Anonymous said...

Thing is, with movies, you're not paying for any goods, just service (entertainment). So when you download that service without paying for it, it's theft.

It'd be as if you printed a fake movie ticket and went to the theater. Sure, all the tickets could still be sold, but the theater would be out one ticket sale because you wanted to see the movie and didnt pay for it.

It isnt a grey area, its theft. It's anonymous and almost impossible to police, which is why it's a grey area to you.

Anonymous said...

It's no use arguing with the download thieves. They've conjured up their excuses for their unethical behavior, and nothing you say to them is going to change them.

They're thieves. Why would an appeal to ethics make any difference to such a person?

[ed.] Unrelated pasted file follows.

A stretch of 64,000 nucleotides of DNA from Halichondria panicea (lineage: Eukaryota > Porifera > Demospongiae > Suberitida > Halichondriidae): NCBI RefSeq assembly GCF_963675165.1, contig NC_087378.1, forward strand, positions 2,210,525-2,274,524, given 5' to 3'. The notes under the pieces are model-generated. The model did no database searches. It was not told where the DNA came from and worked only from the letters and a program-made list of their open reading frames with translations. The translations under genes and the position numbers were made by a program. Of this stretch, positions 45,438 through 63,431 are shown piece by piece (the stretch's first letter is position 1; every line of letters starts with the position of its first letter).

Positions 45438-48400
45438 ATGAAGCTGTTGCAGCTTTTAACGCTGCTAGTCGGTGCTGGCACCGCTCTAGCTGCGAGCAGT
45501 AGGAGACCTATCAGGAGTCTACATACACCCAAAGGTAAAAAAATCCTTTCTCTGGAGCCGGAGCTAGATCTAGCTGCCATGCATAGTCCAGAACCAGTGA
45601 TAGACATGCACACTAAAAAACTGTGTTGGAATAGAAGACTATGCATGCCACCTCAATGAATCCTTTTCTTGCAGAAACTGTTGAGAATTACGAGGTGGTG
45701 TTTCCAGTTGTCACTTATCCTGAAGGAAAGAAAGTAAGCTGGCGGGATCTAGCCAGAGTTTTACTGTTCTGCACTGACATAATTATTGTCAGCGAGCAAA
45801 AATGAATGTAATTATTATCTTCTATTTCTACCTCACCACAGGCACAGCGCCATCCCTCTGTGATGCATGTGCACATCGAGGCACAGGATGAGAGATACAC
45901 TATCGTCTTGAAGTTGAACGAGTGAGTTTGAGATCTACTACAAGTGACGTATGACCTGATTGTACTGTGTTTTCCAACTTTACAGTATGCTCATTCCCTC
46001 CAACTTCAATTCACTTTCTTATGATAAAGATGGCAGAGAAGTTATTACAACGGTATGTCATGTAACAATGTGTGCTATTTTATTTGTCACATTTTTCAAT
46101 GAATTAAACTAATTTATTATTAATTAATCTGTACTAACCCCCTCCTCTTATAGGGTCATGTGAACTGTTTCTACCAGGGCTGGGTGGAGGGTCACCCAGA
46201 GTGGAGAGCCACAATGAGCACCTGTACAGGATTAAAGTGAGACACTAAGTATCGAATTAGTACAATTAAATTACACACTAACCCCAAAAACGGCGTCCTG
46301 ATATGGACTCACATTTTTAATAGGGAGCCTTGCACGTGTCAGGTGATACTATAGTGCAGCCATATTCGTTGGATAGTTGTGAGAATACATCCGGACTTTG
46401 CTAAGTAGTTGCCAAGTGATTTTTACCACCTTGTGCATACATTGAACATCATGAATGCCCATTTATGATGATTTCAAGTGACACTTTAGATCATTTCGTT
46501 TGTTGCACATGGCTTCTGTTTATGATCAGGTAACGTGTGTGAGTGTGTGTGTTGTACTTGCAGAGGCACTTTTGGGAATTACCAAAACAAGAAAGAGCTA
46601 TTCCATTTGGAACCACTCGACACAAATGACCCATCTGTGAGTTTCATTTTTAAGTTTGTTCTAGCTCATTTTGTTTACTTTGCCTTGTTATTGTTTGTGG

Anonymous said...

If you can't afford it, then you can't afford it, doesn't mean you should start stealing. I don't understand how people don't get that? Would you walk into a store and steal a big flatscreen TV because you can't afford it?

"I feel I've paid for my sin many times over because I've been buying "Star Wars" ever since on various formats. George Lucas has made plenty off money off me."

But even that doesn't justify it. Lucas doesn't force you to buy a new version when it comes out.

Go rent a movie. It's really not that expensive, especially here in the US.

Anonymous said...

Am posting this animated video just to watch peoples heads explode regarding the piracy vs. copying argument...
http://www.youtube.com/watch?v=IeTybKL1pM4&feature=related

Anonymous said...

nonsense^

Anonymous said...

Guess what, schmuck,